Figgy Pudding – A Seasonal Stout

a homemade beer label for Figgy Pudding with a victorian drawing in the middle and the ingredients listed.
We won’t go until we get some!

One tradition to which we adhere in our household is having a seasonal fermented beverage ready for the long, dark, cold months of winter here in Vermont. This year’s beverage is a recipe Rick created with traditional English Christmas pudding as the inspiration. This sweet stout starts off with the smell of figs and a hint of French oak, and orange peel. The sweetness of the figs is prominent with the first taste, but not cloyingly so, even with the vanilla that lingers on the tongue before being replaced with a hint of tannin from the wood. A lovely winter warmer, to compliment cookies, cakes, and other holiday treats.

Figgy Pudding

3 gallons (11.4 liters), all-grain



2.6lb (1.18kg) Maris Otter Pale malt
2.6lbs (1.18kg) Pale 2-row malt
0.50lb (227g) American Chocolate malt
0.25lb (227g) American Midnight Wheat malt
2oz (57g) Honey malt
2oz (57g) German Acidulated malt
0.5lbs (227g) Lactose (late addition)


0.5oz (14g) CTZ (15.5%AU) – 25 min

Other Ingredients

1oz (28g) Sweet orange peel
0.5oz (14g) French oak chips (medium)
30oz (850g) Organic dried figs
1 vanilla bean


Safale US-05: A dried American Ale strain with fermentation properties resembling that of Wyeast 1056 (American Ale) or White Labs WLP001 (California Ale). With so many other flavors and adjuncts in this brew we wanted to limit the influence of the yeast on the flavor of the beer to let the fruit and spices shine.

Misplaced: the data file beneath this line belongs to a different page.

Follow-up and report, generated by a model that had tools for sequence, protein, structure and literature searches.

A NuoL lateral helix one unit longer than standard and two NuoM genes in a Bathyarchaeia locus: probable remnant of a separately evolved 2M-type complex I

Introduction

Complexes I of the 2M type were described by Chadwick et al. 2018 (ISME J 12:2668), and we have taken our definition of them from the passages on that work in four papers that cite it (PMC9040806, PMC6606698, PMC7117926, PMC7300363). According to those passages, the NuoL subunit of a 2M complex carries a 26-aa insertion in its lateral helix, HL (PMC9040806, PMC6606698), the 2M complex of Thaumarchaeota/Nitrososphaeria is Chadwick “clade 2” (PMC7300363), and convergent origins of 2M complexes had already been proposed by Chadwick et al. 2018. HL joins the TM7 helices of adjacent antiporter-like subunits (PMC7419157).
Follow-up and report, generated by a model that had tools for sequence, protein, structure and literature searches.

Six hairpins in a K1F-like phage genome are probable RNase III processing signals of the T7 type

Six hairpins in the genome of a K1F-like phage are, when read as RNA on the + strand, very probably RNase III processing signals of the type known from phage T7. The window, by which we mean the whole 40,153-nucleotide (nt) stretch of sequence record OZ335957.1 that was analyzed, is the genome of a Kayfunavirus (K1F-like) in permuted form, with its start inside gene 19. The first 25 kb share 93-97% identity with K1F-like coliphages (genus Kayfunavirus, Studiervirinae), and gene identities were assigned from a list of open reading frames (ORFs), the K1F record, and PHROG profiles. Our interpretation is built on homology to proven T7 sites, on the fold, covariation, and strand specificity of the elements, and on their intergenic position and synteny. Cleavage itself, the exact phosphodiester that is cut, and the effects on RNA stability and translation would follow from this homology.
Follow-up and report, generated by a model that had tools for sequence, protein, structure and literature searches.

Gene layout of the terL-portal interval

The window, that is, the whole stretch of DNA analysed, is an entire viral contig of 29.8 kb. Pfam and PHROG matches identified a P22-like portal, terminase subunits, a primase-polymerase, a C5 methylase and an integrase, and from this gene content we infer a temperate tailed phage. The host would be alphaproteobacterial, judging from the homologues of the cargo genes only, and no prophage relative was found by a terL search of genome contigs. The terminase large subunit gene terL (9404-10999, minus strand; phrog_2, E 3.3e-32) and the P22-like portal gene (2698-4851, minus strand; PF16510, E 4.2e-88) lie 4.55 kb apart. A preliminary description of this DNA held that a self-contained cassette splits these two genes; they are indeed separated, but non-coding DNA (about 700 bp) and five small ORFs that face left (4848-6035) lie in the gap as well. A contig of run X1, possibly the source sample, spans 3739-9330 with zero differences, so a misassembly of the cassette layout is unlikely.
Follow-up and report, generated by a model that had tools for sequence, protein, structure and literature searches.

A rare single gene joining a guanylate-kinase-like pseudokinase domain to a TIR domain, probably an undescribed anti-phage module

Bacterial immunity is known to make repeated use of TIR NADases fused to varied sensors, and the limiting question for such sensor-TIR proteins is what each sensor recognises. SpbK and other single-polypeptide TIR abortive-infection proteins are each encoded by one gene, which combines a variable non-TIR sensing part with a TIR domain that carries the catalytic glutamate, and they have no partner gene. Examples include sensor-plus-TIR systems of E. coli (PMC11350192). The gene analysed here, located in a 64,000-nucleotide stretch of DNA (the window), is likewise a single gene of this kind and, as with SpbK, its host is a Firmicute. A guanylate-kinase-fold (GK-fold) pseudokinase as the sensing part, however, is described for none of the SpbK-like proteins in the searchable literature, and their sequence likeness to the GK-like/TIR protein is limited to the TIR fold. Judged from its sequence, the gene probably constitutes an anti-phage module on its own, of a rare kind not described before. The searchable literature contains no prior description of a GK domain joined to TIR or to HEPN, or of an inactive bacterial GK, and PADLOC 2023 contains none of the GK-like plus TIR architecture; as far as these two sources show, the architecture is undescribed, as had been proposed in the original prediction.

Target OG: 1056
FG: 1013
ABV: ~5.85%
IBU: ~38
SRM: ~37


  • Mash-in all grains using 9.32qts (2.3 gal / ~9 liters) of water at 152ºF (67ºC) and hold for 60 minutes.
  • Sparge using 13.8qts (3.5 gal / ~13 liters) of water at 168ºF (76.7ºC).
  • Collect 18qts (4.5 gal / ~17 liters) of wort.
  • Bring collected wort to a boil and add hops at specified times listed above.
  • Remove from heat and cool to approximately 68ºF (20ºC), pitch the yeast, and store in dark space at ale fermenting temperatures.
  • One week after brew day, add the French oak chips, orange peels and vanilla bean to a brew-safe mesh bag, and steep in 2 cups of boiling water. Steep the ingredients for about 20 minutes allowing to cool with the bag left in, creating a tea. In a saucepan, add the well-diced figs and the tea and cook over a low heat until the a slurry is created. Approximately 30 mins. Set aside to cool.
  • Once the fig slurry has cooled, add it to the bottom of a clean fermentation bucket, and rack the beer onto the slurry. Seal the fermenting vessel and let stand for two (2) weeks.
  • After two weeks, rack the beer off the fig slurry into a bottling bucket, and then into the final vessel (keg or bottles). We also passed ours through a fine mesh screen in a funnel as we racked into a keg to reduce the amount of fig sediment.

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Published by Rick Scully

Rick is a craft brewer, shepherd, gardener, photographer, writer, tech nerd, web developer, and all around good guy.